Reading the pre-final draft of the Quadrennial Defense Review (QDR) 2010, one is reminded of the old adage, “plus Ã§a change, plus c’est la meme chose,” in the Pentagon’s handling of asymmetric war, counterterrorism, and other related issues. The ghosts of the Vietnam War, of how not to lose another war, are also very much alive. Since the QDR is usually long on the details of weapons systems–in its making, the four Services fight the bare-knuckle war of pushing their preferred weapons platforms, notwithstanding their commitment to joint warfare–and short on the discussion of strategy, it is seldom clear whether ample attention will be paid to strategy when it becomes operational.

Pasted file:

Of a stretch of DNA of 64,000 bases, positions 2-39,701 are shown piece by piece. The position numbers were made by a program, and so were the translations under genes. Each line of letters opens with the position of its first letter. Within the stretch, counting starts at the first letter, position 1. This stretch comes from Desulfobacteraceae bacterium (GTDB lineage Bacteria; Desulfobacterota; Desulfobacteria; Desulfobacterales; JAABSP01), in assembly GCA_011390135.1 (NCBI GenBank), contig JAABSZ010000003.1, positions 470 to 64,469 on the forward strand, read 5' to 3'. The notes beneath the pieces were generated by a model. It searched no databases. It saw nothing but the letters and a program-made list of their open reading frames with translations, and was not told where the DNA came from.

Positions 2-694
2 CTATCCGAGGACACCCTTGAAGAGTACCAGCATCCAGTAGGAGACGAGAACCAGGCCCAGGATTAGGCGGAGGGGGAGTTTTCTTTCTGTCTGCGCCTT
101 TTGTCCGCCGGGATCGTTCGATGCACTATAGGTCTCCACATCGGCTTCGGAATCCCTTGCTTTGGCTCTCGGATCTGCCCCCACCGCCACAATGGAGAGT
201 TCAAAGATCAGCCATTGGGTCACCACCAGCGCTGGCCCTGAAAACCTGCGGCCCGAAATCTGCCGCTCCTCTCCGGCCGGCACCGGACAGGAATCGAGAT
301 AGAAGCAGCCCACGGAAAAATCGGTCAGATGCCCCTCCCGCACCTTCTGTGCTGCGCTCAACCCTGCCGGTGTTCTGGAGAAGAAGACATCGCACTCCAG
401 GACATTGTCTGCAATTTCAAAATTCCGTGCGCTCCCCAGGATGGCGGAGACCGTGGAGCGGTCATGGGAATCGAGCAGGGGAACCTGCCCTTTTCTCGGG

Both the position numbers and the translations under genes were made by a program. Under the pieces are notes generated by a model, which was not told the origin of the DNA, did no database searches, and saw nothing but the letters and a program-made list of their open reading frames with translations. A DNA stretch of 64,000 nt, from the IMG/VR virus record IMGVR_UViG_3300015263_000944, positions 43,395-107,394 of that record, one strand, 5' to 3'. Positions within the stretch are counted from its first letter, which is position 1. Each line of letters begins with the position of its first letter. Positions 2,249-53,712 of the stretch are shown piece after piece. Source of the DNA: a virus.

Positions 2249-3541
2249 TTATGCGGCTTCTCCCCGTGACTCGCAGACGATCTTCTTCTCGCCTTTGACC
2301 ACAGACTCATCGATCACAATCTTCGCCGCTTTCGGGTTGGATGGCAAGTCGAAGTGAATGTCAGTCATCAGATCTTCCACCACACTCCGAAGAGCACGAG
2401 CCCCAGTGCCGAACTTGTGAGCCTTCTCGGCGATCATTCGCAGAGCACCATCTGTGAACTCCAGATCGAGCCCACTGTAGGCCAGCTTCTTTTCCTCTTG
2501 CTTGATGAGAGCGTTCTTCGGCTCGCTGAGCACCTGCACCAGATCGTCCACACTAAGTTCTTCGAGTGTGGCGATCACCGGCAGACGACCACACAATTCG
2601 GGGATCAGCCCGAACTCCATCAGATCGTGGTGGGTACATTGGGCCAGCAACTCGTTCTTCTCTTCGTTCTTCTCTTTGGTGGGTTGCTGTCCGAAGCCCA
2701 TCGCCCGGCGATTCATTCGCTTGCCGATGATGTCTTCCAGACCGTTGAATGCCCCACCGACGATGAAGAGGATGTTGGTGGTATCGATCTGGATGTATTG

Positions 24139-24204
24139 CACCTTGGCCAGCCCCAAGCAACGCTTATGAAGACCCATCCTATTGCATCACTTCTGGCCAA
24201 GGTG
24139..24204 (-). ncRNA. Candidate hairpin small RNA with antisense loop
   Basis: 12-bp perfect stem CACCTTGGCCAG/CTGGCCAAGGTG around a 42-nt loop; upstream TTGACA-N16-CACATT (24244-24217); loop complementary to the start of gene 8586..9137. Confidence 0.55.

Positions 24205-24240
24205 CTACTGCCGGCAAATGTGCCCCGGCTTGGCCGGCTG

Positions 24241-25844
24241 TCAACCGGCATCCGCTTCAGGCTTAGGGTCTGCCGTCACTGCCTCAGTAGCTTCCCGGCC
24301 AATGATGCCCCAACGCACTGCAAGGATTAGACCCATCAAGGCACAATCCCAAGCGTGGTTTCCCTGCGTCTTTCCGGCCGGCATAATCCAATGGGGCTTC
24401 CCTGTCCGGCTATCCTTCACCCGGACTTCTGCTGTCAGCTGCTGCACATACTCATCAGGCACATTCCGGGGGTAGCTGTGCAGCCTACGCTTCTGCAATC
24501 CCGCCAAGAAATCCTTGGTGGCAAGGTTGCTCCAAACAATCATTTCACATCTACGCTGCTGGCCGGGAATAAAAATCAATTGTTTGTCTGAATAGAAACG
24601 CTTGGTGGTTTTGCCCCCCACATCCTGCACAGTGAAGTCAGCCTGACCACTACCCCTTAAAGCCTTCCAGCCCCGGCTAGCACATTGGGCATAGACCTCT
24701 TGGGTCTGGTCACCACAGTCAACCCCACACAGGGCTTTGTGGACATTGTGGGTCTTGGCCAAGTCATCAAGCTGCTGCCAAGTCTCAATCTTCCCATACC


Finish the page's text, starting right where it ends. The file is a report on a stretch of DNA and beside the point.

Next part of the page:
Watching the developing spat between the PRC and the U.S. over the latter’s decision to sell $6.4 billion worth of arms to Taiwan, one is reminded of the reality that security affairs have remained part and parcel of “low politics,” if that type of politics can be redefined as politics where suspicion, the dark shadows of zero-sum-related competitiveness, and one-upmanship are still lurking and ready to poison the ties between these two important actors. Contrast that version of low politics with its counterpart, “high politics,” if that phrase can be redefined as a description of the new realities where China is catching up with the United States, and the latter is beginning to look like an old curmudgeon, getting grumpy about its declining economic power and the related effects.